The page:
Oral health neglected by almost half of world’s population
Posted on the 30th November 2022
A new report by the World Health Organization has revealed the shocking state of the world’s oral healthcare, with almost half of the population (45 per cent) suffering some form of oral disease.
The Global Oral Health Status Report shows that 3.5 billion people around the world are impacted by poor oral health, including decay, gum disease, tooth loss and oral cancer.
Untreated tooth decay is the single most common condition globally, affecting an estimated 2.5 billion people. Severe gum disease – a major cause of total tooth loss – is estimated to affect 1 billion people worldwide. About 380,000 new cases of oral cancers are diagnosed every year.
The study provides the first-ever comprehensive picture of oral disease burden, with data profiles for 194 countries giving unique insights into key areas and markers of oral health that are relevant for decision-makers.
The report highlights the glaring inequalities in access to oral health services, with a huge burden of oral diseases and conditions affecting the most vulnerable and disadvantaged populations.
People on low incomes, people living with disabilities, older people living alone or in care homes, those living in remote and rural communities, and people from minority groups carry a higher burden of oral diseases.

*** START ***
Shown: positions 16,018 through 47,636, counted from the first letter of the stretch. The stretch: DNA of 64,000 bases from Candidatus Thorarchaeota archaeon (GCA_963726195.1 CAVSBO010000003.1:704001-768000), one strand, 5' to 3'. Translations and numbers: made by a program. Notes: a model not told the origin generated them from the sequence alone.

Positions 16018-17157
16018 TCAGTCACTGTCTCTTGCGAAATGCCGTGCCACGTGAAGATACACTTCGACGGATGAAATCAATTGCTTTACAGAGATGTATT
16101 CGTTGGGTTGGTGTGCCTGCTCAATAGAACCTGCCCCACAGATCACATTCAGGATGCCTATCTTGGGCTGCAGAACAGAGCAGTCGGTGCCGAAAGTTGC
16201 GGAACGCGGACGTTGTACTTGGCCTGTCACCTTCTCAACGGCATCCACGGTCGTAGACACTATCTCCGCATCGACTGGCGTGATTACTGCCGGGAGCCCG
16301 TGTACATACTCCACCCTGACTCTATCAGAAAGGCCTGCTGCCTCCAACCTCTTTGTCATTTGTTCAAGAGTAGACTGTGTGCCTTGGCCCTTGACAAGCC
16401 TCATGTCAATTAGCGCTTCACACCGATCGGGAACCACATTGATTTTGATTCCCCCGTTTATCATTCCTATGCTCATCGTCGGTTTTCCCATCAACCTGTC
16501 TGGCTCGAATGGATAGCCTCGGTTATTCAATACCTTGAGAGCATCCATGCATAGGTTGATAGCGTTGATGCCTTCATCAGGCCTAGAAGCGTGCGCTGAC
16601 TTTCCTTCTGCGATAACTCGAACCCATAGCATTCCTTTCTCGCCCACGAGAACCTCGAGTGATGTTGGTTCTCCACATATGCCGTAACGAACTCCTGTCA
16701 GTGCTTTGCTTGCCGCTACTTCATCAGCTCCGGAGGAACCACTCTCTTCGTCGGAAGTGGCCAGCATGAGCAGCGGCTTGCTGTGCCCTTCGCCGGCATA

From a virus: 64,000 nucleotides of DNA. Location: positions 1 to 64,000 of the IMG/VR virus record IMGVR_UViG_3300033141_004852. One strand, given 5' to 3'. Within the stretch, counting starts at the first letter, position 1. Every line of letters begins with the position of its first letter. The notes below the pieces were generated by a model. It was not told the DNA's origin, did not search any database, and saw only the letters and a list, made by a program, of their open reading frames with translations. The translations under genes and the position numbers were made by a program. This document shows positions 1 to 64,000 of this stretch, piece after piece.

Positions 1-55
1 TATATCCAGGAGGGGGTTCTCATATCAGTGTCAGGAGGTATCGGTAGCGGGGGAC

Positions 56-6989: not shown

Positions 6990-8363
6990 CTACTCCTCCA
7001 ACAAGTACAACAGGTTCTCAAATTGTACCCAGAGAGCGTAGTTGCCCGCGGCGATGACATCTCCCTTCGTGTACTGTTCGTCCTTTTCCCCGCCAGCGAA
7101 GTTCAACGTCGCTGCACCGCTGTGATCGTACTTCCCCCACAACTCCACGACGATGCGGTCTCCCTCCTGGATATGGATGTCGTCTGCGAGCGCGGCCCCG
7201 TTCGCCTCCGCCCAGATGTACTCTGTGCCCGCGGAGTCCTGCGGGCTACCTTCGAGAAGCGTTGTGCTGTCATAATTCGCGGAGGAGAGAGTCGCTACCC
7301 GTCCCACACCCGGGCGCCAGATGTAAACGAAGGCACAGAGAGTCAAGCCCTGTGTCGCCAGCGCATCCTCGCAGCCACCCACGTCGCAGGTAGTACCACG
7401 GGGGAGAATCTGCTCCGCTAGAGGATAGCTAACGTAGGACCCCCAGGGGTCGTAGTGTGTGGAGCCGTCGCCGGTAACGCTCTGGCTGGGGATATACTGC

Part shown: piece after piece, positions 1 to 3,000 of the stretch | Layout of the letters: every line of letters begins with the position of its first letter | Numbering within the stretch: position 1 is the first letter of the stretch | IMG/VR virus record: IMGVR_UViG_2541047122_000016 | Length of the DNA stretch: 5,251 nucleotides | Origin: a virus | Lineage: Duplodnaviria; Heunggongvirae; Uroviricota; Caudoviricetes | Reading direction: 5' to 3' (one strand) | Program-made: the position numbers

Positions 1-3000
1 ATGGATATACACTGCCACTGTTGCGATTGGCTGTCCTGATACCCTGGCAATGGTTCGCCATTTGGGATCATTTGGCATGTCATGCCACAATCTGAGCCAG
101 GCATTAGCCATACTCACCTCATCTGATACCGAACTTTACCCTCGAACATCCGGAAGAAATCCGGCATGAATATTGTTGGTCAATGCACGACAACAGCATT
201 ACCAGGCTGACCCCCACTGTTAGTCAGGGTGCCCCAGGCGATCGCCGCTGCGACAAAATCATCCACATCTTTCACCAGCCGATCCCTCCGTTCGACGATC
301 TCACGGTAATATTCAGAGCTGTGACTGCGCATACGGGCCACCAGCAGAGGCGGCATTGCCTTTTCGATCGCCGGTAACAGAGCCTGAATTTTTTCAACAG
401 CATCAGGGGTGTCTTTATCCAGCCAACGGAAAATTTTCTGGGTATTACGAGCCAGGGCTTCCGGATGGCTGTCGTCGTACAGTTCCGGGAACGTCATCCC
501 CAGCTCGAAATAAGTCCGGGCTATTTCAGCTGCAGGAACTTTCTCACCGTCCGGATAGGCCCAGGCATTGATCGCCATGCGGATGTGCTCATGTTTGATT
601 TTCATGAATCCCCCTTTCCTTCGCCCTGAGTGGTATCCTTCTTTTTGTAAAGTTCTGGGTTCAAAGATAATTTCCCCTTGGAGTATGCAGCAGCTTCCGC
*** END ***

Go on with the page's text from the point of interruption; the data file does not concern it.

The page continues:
This pattern of inequalities is similar to other non-communicable diseases such as cancers, cardiovascular diseases, diabetes, and mental disorders.
Risk factors common to these diseases such as high sugar intake, all forms of tobacco use, and harmful use of alcohol all contribute to the global oral health crisis.
Only a small percentage of the global population is covered by essential oral health services, and those with the greatest need often have the least access.
The report outlines key barriers to oral health services, including high out-of-pocket expenditures, which often lead to catastrophic costs and financial burdens for families and communities.
Additionally, highly specialized providers use expensive high-tech equipment and these services are not integrated with primary healthcare models.
Moreover, poor information and surveillance systems, combined with low priority for oral health research, are bottlenecks to developing more effective interventions and policies.
It also details opportunities to improve global oral health.
These include adopting improved public health approaches that address common risk factors, such as promoting well-balanced diets, sugar reduction, stopping tobacco use, reducing alcohol consumption, and improving access to fluoride toothpaste.
Other solutions outlined in the report support making oral health part of national health services; redefining oral health workforces to respond to population needs; expanding oral health service coverage; and collecting and integrating oral health data into national health monitoring systems.